Lead and Gold: Gangs of the Wild West Review

I tend to steer away from games that don't have a campaign mode. While there are a select few games with multiplayer aspects that carry them into stardom, I always find the missing back story makes my involvement a little less passionate. For the most part this is true with Lead & Gold as well, however the attention to detail and unique systems used for each character type help to immerse the player into a world with no background other than 'hey look, dynamite and guns.. let's blow some stuff up and loot the place'. Which is probably a story everyone can get behind and relate to, right?

Lead & Gold operates on a similar control set that many of today's popular 3rd person shooters rely on. As with any PC game your mileage will vary depending on your input hardware and the standard array of adjustments that can be made from the options menu. Of the few short hours I spent with this title, I never ran into any problems with my control set and response times for each of the classes. Speaking of which, I suppose this is as good a time as any to cover the four main archetypes which consist of Blaster, Deputy, Gunslinger, and Trapper. Each carries a specialized set of skills and attributes that not only help you as an individual but also promote the games emphasis on team play. For example, the Trapper (similar to a sniper) class carries a deployable bear trap that will hold an opponent in place for a set amount of time so you can fire from a safe distance, as well as radiating a critical hit boost attribute for teammates in the immediate vicinity. Making sure you stick together to take advantage of these attribute bumps can mean the difference between victory or defeat and it's refreshing to see a game that advertises itself as a "team based shooter" do everything in its power to make sure that you actually play as a team.

Visually, Lead & Gold employs most current day bells and whistles to create an aesthetically pleasing backdrop for the ensuing mayhem that will inevitably take place. The carnage doesn't look to shabby either with most of the weapons, explosions, objective items along with little touches like motion blur, blood effects and a minimalistic HUD all check in with passing grades. I realize that a lot of visual effects like dynamic lighting that give games an extra pop are becoming a standard for any developer that wants to stay afloat in today's market, but I never expected to see these techniques implemented so well from a developer that is as young as Fatshark. At times throughout the testing process, I found myself so impressed with some of the most basic scenery and architecture that I would hop into a practice game just to take a second or third look at the level of detail for an object that a lot of gamers will probably never appreciate. On the flip side of that though, the game does have some rather bland looking textures for certain objects that I thought should have scored some priority attention due to the amount of time a player spends staring at because of its placement on the map or character model.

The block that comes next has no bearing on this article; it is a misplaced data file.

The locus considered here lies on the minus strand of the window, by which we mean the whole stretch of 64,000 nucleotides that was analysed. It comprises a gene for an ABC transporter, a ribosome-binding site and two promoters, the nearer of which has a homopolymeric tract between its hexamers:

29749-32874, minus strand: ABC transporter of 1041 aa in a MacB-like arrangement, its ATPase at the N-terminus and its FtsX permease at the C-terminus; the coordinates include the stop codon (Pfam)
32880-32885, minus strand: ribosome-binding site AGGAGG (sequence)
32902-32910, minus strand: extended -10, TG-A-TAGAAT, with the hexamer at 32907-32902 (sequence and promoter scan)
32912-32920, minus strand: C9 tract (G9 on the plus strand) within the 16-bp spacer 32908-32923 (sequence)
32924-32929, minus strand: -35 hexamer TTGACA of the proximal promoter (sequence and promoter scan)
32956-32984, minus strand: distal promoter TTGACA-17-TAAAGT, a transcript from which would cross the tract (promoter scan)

The sounds of this western shooter are well a well crafted ensemble that doesn't really show in the opening stages of the game. In fact it wasn't until I had played a few rounds that I really began to appreciate the rich weapon sounds and quality of explosions that made even my small notebook speakers sound quite decent. Ambient noise as well as game notification sounds are easily on par with some of today's top shelf games, which truly add a pleasant value to the small asking price of this title. Unfortunately there were no voice captures for the game outside of a few small death grunts, which makes sense given the size and scope of everything, but a good taunt here and there or even some mindless chatter to let you know that everyone in the game is in fact not a mute might have humanized the characters a bit. I'll add it to my very short list of wishes for this one and hope they get added the next time around.

If you look at the overall value of this package, it doesn't take long to see that Fatshark has stepped up with a winner. The developers set out to appeal to an array of genres and I think they'll eventually get a decent following because of it. Everything from the MMO-feel of their synergy feature, to the ranking and upgrades system that feels right at home with any FPS gamer. The retro spin on game types coupled with a handful of well designed maps (more have already been promised later this year) help everything fit together nicely and ensures that you get your monies worth whether you play non-stop or just a few hours every month. One downside that could turn into the bane of the games existence is its perceived server issues which are being reported by a notable amount of players. I have yet to experience any of these issues myself, but I'm also new to this party and the update history has been busy with fixes and refinements that were released a few weeks before I ever dropped into my first match. If developer interaction and dedication like this continues I can definitely see Lead & Gold turning into a part time distraction for me.

In The End, This Game Hath Been Rated: 76%. Get ready for some intense western style shooting as Lead & Gold faces you off against the world in a competition to be the most wanted man (or woman) alive.


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